It is difficult talking about social business without immediately falling into a language of cliches, appropriated words and somewhat playful word acrobatics – disruption, openness, trust, collaboration, participation, authenticity, transparency, decentralisation, reciprocity amongst the more mainstream ones. These words are bandied casually around like some charm or amulet in the belief that their mere mention will magically transform a business willing to listen into a ‘social business’. And yet, when we realise that the ‘pixie dust’ doesn’t work, as is inevitably the case, we stand dumfounded and incredulous. It wasn’t meant to be this difficult. I ask myself, in some kind of self-absorbed monologue (and yes there have been many): Why can’t others see the future that I see?
But despite these moments of self-indulgent reflection, there is a certain inevitability about the notion of the social business, which in time will transmogrify into simply – business. Regardless of which ‘school of social soundbite’ you subscribe to, there are two undercurrents, amongst others, which in a sense nullify the many protestations, hesitations and nervous discussions that exist towards social business today, and in a sense render the term social business meaningless anyway.
The first is that this shift is in the hands of people, not customers, not organisations, but people – you and me. We have access to the most powerful tools of mass communication that we have ever had. We are not about to give this up. In 2008, Clay Shirky wrote: “When we change the way we communicate, we change society.” Perhaps he states the case somewhat dramatically, but the point is made.
The second is that the people who are toing and froing today about social business – that’s you and me as well – are not the people who will be working, making decisions or buying the products and services that will exist in 10, 20 or 30 years time and beyond (well, hopefully not working or making decisions at any rate). By that time, the discussion about the ROI of social business or the definition of what a social business is will hopefully and mercifully be no more than a faint memory consigned to some earnest PhD student’s research somewhere, if indeed, the discussion was ever really warranted anyway.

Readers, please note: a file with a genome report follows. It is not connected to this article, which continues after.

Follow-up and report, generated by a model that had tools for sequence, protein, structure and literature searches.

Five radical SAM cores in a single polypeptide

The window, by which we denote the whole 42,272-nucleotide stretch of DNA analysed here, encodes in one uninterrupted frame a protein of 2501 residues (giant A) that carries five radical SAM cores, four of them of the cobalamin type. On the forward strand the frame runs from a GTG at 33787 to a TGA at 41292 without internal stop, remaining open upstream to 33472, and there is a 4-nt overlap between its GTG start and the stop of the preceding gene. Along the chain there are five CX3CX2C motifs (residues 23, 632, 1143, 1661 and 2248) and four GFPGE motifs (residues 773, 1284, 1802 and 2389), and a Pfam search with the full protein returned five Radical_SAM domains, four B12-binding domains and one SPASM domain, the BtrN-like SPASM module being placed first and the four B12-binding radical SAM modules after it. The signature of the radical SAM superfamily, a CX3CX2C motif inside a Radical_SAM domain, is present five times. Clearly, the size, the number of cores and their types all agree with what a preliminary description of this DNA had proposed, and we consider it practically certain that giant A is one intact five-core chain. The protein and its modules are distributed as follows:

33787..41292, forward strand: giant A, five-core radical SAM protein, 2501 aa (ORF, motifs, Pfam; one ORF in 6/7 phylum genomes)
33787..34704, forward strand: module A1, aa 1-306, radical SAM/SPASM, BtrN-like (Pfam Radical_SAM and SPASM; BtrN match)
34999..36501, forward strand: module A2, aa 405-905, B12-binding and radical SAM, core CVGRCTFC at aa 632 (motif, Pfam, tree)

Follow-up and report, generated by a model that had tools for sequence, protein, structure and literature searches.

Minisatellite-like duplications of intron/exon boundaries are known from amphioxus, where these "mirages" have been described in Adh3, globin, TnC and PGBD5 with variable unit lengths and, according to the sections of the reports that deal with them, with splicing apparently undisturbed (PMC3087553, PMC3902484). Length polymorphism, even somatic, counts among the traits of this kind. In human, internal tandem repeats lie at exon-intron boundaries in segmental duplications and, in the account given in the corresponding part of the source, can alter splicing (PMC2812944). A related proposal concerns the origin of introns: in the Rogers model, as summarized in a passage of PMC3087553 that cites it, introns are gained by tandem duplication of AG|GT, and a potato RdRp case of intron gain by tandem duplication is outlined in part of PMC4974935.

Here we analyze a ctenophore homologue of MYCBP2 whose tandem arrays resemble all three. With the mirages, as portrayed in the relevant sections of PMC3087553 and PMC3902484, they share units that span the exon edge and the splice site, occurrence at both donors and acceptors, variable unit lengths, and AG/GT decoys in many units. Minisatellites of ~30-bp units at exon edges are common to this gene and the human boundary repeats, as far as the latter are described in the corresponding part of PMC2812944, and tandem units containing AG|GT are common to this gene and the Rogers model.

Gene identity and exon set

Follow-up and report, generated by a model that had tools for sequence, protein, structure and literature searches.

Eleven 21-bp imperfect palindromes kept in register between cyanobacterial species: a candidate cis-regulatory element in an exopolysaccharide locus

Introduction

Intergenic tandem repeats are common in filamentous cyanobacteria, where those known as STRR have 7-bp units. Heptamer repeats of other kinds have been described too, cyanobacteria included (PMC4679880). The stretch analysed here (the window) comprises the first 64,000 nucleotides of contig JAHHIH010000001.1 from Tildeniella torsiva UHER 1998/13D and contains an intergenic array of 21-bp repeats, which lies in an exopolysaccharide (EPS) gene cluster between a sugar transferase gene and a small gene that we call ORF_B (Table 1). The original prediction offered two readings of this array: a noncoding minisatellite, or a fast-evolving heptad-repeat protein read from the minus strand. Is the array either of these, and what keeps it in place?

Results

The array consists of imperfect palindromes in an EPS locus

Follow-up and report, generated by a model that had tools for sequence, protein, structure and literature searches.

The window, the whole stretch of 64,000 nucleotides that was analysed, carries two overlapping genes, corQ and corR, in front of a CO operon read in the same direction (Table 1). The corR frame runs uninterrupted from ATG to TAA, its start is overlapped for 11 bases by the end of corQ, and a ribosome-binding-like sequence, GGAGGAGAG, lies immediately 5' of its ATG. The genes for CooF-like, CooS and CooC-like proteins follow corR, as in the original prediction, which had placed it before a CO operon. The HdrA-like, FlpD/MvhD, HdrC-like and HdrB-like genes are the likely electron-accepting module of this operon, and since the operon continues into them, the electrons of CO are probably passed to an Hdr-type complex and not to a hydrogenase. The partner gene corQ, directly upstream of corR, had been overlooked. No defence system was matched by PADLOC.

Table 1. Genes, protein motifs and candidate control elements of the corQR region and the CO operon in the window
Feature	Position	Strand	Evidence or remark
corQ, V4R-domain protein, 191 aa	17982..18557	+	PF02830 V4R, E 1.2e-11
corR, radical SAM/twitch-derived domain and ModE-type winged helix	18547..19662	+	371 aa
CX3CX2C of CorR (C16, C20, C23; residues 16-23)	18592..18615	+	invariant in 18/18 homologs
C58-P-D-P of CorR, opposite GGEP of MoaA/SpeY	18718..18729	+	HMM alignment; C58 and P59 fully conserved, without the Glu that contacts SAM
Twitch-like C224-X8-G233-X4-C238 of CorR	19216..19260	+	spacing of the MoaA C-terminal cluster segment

What gives me hope, in all of this, is that these undertows are taking place outside of the organisation, at the margins, at the edges. This is the marketplace of The Cluetrain Manifesto. Here, we are all equals, talking, discussing, exchanging as equals. The hierarchy has no place here. But what needs to be realised is that this shift takes place on both a personal and corporate level. The two are inextricably intertwined, and yet we somehow fail to recognise this. So often I have seen decision-makers who don’t get social on a personal level create seemingly impregnable fortresses against social in their workplace fiefdoms. The digital literacies we intuitively learn when browsing the internet at home are the same that we need and use at work.
Perhaps in the final analysis, the answer lies somewhere between Coleridge’s ‘willing suspension of disbelief’, Eliot’s ‘not with a bang but a whimper’ and Lu Hsun’s cry of ‘Stupid yellow race, wake up’. Whether the bubble bursts or not is a moot point.